4. Analysis and results

4.1. Rotational period and lightcurve

To find the periodicity in the lightcurve, the fast chi-squared (Fχ2) technique (Palmer 2009) was employed. In addition, we checked the result with the discrete Fourier transform algorithm (Lenz & Breger 2005). These two different techniques produced similar results, e.g., a rotational period of 7.6248 h and 7.6251 h, respectively, whose discrepancy is only one second. A single strong peak found at PFχ2 = 3.14763 cycle/day = 7.6248 h seems to be consistent with 0.3178 days from the previous observation conducted during the apparition in the 2007 − 2008 season (Abe et al. 2008). We also obtained the highest spectral power at 6.29498 cycle/day with the discrete Fourier transform algorithm, which corresponds to a rotational period of 7.6251 h assuming a double-peaked lightcurve.

Before combining the lightcurves acquired at different solar phase angles, we investigated the effect of changing the viewing longitude (Magnusson et al. 1989). However, considering the geometry of the Sun, the Earth, and the asteroid in June − July 2012 (see Table 2), the maximum difference between the observed synodic period and the sidereal period (Harris et al. 1984) was found to be 0.0013 h, which is negligible and within the statistical errors. We present the resulting composite lightcurve of 1999 JU3 in Fig. 1, which is folded with the period of 7.625 ± 0.003 h at the epoch of JD 2 456 106.834045. We combined the data obtained from different telescopes and instruments and computed relative magnitudes based on our observations of comparison stars. We also made use of the observation conducted on 12 June 2012 as a reference for calibration procedures.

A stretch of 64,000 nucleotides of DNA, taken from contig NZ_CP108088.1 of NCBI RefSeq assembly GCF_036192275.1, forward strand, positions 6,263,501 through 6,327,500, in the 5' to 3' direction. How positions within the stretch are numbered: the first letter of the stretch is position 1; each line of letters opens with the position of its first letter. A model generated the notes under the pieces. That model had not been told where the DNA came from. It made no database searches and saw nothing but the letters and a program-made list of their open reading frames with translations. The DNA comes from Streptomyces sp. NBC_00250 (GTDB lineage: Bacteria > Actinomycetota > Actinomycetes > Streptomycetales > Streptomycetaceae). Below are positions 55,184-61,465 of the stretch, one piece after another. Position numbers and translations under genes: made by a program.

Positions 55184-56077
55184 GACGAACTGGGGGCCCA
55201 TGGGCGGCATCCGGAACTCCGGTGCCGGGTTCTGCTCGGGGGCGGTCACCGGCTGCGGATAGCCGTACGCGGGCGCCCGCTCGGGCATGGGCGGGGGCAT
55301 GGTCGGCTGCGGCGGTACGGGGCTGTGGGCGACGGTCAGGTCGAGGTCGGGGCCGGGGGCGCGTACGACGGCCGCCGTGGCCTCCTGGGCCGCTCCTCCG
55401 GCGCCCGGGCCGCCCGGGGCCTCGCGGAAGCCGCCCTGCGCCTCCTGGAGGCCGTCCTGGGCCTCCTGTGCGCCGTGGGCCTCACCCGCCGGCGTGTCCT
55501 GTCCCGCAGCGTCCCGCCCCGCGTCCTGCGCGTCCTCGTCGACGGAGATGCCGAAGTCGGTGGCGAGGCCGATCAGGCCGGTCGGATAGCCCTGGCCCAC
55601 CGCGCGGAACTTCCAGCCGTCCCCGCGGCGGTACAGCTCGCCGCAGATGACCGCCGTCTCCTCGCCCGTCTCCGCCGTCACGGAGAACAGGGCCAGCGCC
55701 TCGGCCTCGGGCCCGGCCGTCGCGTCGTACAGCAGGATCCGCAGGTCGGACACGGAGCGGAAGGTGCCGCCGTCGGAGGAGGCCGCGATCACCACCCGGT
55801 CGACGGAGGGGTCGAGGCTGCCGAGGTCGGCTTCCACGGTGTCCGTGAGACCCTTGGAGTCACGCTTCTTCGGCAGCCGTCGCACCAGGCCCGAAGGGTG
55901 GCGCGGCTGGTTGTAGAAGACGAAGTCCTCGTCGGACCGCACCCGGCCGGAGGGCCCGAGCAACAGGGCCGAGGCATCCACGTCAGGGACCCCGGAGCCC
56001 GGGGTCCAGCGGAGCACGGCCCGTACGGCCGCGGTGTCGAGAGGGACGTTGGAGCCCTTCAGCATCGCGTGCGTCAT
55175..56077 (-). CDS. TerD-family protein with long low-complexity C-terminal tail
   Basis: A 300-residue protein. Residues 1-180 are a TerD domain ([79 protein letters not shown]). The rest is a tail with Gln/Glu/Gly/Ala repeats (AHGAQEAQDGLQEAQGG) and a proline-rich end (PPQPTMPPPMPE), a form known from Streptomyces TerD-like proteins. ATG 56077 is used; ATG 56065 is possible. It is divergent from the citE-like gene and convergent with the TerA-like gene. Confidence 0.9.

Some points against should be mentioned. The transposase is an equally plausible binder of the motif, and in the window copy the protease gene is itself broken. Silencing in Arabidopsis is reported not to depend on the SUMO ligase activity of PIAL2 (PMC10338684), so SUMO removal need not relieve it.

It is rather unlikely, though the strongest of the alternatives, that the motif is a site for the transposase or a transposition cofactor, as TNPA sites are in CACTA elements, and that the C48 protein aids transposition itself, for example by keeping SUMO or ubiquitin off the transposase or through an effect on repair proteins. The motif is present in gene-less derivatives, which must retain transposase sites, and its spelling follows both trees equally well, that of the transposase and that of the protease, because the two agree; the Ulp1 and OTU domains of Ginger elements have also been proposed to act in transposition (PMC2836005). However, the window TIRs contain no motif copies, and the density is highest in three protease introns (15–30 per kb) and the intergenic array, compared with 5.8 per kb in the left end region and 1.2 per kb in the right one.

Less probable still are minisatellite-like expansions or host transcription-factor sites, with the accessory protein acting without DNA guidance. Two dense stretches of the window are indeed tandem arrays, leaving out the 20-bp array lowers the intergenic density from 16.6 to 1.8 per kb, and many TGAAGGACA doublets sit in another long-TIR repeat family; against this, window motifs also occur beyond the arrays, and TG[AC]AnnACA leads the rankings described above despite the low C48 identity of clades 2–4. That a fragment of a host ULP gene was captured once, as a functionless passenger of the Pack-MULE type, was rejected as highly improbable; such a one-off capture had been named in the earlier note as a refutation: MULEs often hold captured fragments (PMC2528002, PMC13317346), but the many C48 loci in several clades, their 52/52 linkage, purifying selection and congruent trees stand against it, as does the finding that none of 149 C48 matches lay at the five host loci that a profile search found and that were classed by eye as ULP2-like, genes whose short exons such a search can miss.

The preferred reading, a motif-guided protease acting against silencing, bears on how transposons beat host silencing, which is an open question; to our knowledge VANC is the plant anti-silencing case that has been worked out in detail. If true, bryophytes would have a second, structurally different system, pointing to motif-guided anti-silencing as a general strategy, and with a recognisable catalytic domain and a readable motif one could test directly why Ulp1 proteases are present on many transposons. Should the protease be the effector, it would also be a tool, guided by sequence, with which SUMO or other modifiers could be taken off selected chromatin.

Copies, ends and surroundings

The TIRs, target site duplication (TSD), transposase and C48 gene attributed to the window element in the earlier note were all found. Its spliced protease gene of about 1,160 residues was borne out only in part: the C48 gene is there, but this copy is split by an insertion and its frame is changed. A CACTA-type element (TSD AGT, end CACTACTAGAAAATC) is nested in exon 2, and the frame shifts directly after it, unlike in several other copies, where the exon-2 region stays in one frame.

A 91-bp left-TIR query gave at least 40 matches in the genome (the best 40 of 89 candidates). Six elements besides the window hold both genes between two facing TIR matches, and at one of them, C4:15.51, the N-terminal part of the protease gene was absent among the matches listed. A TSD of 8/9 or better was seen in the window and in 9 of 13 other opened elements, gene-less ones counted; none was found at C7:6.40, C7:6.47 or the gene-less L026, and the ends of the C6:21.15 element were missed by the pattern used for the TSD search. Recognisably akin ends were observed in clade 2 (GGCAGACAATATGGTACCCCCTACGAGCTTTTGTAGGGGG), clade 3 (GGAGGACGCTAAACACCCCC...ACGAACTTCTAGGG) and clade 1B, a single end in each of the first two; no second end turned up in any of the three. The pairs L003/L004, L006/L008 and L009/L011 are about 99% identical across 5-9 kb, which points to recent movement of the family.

The peak-to-peak variations in magnitude are caused by change in the apparent cross-section of the rotating tri-axial ellipsoid, with semi-axes a, b, and c, where a > b > c when the body rotates along the c axis. The lower limit of axis ratio a/b can be expressed as a/b = 100.4Δm (Binzel et al. 1989). The peak-to-peak variation in the lightcurve becomes larger with the increase in the solar phase angle. For this reason, we divided our lightcurve data into three groups: 1) early June around 7 deg phase; 2) end of June around 21 deg phase; and 3) mid July around 37 deg phase. The following empirical relationship between those two parameters was found by Zappala et al. (1990). (1)where A(0°) is the amplitude of lightcurve at zero phase angle and A(α) is the amplitude measured at solar phase angle = α. Zappala et al. (1990) found best-fit m-values of 0.030, 0.015, and 0.013 degree-1 for S, C, and M-type asteroids, respectively. We obtained the same result of the amplitude A(0°) = 0.12 from those three groups with the m-value of 0.015 for an average C-type asteroid, which implies a lower bound for the a/b axis ratio of 1.12.

thumbnail Fig. 1

Composite lightcurve of 1999 JU3 folded at the period of 7.625 ± 0.003 h at the zero epoch of JD 2 456 106.834045 obtained from the 2012 apparition. The dotted line is a fit to the fourth-order Fourier model using the fast chi-squared technique.

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thumbnail Fig. 2

Phase function of 1999 JU3. Each data point represents the reduced R-band magnitudes at corresponding phase angles. The long dashed dotted line represents the IAU (H,G) phase function fit, where HR = 18.69 ± 0.07 mag and G =  −0.09 ± 0.03.

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4.2. H – G parameters and size